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ECMC Foundation Grants More Than $8 Million to Postsecondary Education Programs

An Announcement from Vice President Lynn Alvarez

February 26, 2020

I am pleased to announce that ECMC Foundation recently committed $8,174,383 to 12 organizations. These grants support our grantees’ efforts to expand research and public policy efforts, launch new programs to help students enrolled in postsecondary programs, pilot innovative solutions to help student parents, among many others.

These commitments reflect our mission and dedication to advancing postsecondary educational outcomes for students from underserved backgrounds across the Foundation’s College Success and Career Readiness focus areas.

A selection of grants made are listed below. For the full list, please visit ECMC Foundation’s website at

College Success

  • A grant of $700,000 was made to the National League of Cities (NLCI) to support the expansion efforts of its work with municipal leaders who seek to develop policies and practices that remove key barriers to postsecondary completion. The goal of NLCI is to move from its current seven-city focus to a much broader scale, focusing especially on its basic needs initiative.
  • A grant of $300,000 was made to College Access Information Continuum to support the enhancement of Project Gateway, an effort aimed at increasing the pass rate for transfer-level math courses for California community college students enrolled in Santa Ana College (SAC). The goal is to equip SAC math faculty with effective tools, resources, and pedagogical practices while offering students additional academic supports to increase course pass rates.
  • A grant of $635,500 was made to the John Jay College of Criminal Justice to support the pilot of Linking Experience, Academics and Practice (LEAP), a cohort-based program that will provide a low-cost suite of supports for incoming first-year students who are not currently engaged in a student retention program on campus. The goal is to develop an evidence base for an affordable and scalable model that raises students’ persistence and degree completion rates.

Career Readiness

  • A grant of $600,000 was made to the Aspen Institute to support Phase II of the Postsecondary Success for Parents Initiative at Aspen Ascend. The goal is to build a movement and catalyze investment in supports for parents, specifically single mothers, attending community colleges.
  • A grant of $438,883 was made to Credential Engine to help the statewide systems map and publish credential data and individual institutions in Los Angeles County and the surrounding region publish information about credentials in one sector that augments the data provided at the system level. The goal is to make information about all available credentials in the state published to the Credential Registry, where credential data is accessible to benefit the public at large.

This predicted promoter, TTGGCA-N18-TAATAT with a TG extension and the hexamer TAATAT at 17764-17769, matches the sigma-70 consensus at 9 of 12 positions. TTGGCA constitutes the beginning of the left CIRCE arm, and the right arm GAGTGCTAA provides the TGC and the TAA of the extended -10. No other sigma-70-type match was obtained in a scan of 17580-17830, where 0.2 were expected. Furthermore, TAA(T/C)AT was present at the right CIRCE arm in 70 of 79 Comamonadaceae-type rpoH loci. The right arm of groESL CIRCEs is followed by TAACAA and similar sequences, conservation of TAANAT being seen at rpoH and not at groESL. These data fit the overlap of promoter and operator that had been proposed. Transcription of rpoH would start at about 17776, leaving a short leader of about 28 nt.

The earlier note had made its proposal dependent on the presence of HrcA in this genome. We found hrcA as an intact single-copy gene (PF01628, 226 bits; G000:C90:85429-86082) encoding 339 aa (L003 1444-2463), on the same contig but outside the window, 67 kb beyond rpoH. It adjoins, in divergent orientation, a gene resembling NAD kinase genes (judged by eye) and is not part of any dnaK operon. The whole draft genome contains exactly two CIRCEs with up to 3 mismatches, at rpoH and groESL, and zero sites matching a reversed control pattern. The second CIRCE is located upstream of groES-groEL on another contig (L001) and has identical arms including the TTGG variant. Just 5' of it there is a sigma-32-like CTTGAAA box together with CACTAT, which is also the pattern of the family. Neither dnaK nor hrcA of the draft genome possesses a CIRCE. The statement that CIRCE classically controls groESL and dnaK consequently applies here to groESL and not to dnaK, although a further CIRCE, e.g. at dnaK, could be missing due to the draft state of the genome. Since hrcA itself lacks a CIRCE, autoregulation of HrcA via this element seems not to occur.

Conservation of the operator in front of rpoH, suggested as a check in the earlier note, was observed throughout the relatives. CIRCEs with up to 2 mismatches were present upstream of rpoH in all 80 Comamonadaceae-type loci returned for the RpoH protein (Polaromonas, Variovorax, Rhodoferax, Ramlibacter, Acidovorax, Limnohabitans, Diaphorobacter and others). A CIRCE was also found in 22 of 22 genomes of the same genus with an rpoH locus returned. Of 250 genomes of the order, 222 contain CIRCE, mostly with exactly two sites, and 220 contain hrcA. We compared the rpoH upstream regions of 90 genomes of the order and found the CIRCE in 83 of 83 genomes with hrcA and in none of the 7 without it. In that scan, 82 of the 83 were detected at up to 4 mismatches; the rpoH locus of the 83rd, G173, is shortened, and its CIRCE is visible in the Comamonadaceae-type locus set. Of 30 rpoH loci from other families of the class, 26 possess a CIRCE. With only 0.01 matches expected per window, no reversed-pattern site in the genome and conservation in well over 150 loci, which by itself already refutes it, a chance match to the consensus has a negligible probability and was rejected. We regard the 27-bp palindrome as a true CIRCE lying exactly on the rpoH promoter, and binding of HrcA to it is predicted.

• A grant of $300,000 was made to the Foundation for California Community Colleges (FoundationCCC) to merge Corrections to College CA into a fully integrated program within the FoundationCCC to expand its reach. The goal is to support institutions within the California Community Colleges to more effectively serve justice-involved students.
  • A grant of $750,000 was made to the Women’s Foundation Southern Arizona to launch Pathways: Elevating Self-Sufficiency for Single Mothers, a two-generation pilot program that will support single mothers working toward earning a one-year credit-bearing certificate in a career field that pays a self-sufficient wage at Pima Community College in Tucson, Arizona. The goal is to serve 100 women, receive reimbursement from SNAP CAN to cover tuition and administration costs, and provide a proof of concept for policymakers interested in passing legislation to allow postsecondary CTE to qualify as the employment requirement for state-issued childcare subsidies.

Special Opportunities

  • A grant of $250,000 was made to the National Public Radio to help sustain NPR’s postsecondary education journalism. The goal is to continue reporting on issues affecting postsecondary students, faculty, administrators, and communities throughout the country and produce more than 350 stories on education over the course of one-year grant period.

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